where the connections to be removed are those between atoms n1-n2, n3-n4, n5-n6, etc. See atom numbering. Thus if connections were to be removed between atoms 4 and 5, and between atoms 665 and 670, then CVB(4:-5;665:-670) would be used. If connections are needed, then don't use the minus sign. Thus if connections were needed between atoms 4 and 5, and between atoms 665 and 670, then CVB(4:5,665:670) would be used. CVB is also useful when RESIDUES and PDBOUT are present. A topology sometimes has an unwanted connection between two chains that prevents some of the residues being identified. To correct this fault, remove the unwanted connection using CVB. If there are a several unwanted connections , and these connections involve a specific element, then consider the alternative of using VDWM to change the Van der Waals radius for that element.
Using atom labels
Here Labeln is the label, in PDB or JSmol format, for the atom. Using the PDB format, the label starts with the first non-blank character of the atom name and ends with the last character of the residue number. For example: CVB("2HB SER B 4":-"OD1 ASP B 119","1HH1 ARG B 5":"C TYR B 7"). Spaces are not important, but using spaces makes it easier to read the atom label. With JSmol, the label starts with a "[" and ends at the character before " #". As with PDB format, spaces are not important when JSmol format is used, i.e., CVB("[LYS] 4 : A . CD":"[LYS]4:A.CG"). The advantage of using atom labels is that if atoms are added or removed the atom label would not change. Another advantage is that PDB TER lines, positional disorder, and other things that cause the PDB line number to not match the atom number do not cause problems.
Wildcards are allowed for the residue name and for the chain letter. When a wildcard is used, a letter is replaced by an asterisk, "*", thus: CVB("2HB *** B 4":-"OD1 *** * 119","1HH1 ARG * 5":"C TYR B 7") and CVB("[***] 4 : * . CD":"[***]4:*.CG"). The first occurrence that matches will be used.
When proteins that contain a large number of water molecules are edited, quite often one or more water molecules become badly positioned, resulting in spurious O-O interactions. These can be eliminated using the standard options within the CVB keyword, but as this problem occurs quite often, a special option, "O:-O" is provided. This six-character option will identify and delete all spurious O-O bonds.The option can be anywhere between the opening "(" and closing ")" of the CVB keyword.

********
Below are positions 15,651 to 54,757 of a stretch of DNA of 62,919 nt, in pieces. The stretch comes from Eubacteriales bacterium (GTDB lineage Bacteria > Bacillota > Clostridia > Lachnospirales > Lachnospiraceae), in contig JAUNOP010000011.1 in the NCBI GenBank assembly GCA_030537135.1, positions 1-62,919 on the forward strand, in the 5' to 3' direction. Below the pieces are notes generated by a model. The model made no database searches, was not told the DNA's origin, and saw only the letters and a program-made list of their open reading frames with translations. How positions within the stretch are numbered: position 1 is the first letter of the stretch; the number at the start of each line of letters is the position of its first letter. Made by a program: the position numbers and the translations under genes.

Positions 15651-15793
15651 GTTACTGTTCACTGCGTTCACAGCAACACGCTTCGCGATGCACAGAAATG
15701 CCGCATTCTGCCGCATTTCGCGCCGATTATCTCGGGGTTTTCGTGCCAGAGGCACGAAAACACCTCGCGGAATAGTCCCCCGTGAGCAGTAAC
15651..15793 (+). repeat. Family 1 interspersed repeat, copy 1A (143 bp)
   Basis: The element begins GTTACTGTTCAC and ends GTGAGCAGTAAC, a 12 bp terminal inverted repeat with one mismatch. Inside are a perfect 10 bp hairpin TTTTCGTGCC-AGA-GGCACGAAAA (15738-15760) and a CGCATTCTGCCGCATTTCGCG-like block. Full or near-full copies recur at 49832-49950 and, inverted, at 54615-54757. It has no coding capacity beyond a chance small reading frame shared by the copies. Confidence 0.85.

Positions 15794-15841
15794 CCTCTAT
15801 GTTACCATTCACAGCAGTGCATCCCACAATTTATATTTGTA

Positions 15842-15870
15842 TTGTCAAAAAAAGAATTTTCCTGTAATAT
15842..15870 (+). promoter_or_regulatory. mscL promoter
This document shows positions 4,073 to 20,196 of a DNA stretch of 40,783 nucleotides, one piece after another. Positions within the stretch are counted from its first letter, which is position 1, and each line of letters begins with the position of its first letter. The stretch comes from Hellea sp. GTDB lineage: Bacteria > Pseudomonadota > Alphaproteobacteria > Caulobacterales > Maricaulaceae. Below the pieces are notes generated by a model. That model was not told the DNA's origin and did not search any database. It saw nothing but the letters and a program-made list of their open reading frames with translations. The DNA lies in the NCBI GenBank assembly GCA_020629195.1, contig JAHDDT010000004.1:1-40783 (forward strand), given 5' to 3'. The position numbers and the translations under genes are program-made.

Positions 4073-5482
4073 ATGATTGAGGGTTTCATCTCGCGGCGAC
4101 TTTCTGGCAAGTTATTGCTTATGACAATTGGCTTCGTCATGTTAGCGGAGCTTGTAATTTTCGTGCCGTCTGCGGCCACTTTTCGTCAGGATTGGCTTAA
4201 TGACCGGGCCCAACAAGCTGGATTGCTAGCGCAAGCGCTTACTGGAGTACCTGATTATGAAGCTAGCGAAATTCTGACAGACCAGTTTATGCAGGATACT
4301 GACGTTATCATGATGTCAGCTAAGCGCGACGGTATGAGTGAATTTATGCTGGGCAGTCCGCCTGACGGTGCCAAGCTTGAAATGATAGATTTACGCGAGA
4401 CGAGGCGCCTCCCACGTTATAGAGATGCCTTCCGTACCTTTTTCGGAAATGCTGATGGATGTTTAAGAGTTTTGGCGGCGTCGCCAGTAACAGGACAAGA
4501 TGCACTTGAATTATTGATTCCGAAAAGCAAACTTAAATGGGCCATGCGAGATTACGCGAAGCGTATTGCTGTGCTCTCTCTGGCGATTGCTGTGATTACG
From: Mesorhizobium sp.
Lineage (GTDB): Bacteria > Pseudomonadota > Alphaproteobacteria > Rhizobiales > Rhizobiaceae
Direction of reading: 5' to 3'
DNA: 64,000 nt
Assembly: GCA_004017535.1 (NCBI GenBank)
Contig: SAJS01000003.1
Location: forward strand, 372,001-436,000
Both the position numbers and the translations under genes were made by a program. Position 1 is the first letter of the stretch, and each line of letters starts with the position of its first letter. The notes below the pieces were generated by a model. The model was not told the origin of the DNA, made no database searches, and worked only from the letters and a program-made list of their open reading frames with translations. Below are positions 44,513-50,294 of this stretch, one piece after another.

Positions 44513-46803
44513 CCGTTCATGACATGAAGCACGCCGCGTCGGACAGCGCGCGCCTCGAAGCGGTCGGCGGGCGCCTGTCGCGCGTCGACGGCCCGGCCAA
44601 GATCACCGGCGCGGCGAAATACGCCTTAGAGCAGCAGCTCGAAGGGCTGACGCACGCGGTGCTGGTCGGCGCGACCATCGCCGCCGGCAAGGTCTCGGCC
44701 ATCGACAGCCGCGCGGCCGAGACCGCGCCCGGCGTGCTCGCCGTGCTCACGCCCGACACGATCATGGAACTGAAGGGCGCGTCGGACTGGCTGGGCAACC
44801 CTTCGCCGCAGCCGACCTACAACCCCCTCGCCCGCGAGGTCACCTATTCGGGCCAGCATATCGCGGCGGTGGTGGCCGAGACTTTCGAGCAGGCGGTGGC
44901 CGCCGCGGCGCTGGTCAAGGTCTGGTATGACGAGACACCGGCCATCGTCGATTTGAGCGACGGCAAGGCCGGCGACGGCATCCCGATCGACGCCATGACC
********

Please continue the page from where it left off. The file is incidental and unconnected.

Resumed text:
A frequent problem when modeling intermediates and transition states in enzyme mechanisms is that the structure cannot be written in Lewis form. An example occurs in the transition state when a cystine sulfur starts to bond to the carbon of a guanidinium group in an Arg, and the hydrogen that was on the sulfur migrates to one of the nitrogen atoms of the guanidinium. If this happens, the resulting -NH3 group would have a positive charge and the carbon would be given a negative charge. (A carbon atom bonded to a cation and having only three valencies used would automatically be assigned a negative charge.) Sulfur having only one bond (to its CH2 group) is, by default, also given a negative charge. The net charge on this assembly is now -1 instead of the expected +1. To correct this error CVB is used to make a bond between S and the H of -NH3. This automatically causes the N-H bond to be deleted giving -NH2, a component of the normal guanidinium group. Now that sulfur is bonded to its hydrogen as will as to its CH2 group, and the guanidinium has the usual +1 charge, the net charge in this region is correct.
A guiding principle would be to use CVB to make the structure as similar to either the reactant or product as possible.
Note that CVB is used only in the generation of a starting Lewis structure or in generating a PDB file. The presence of unrealistic connections in this structure will not normally give rise to an incorrect SCF.
See also SETPI to explicitly assign π bonds, and atom labels to explicitly assign charges.
See also ++, SETPI, LEWIS, CHARGES, METAL, VDWM,
CHARGE, XENO, and MOZYME
See also: Lewis Structures, MOZYME introduction, atom numbers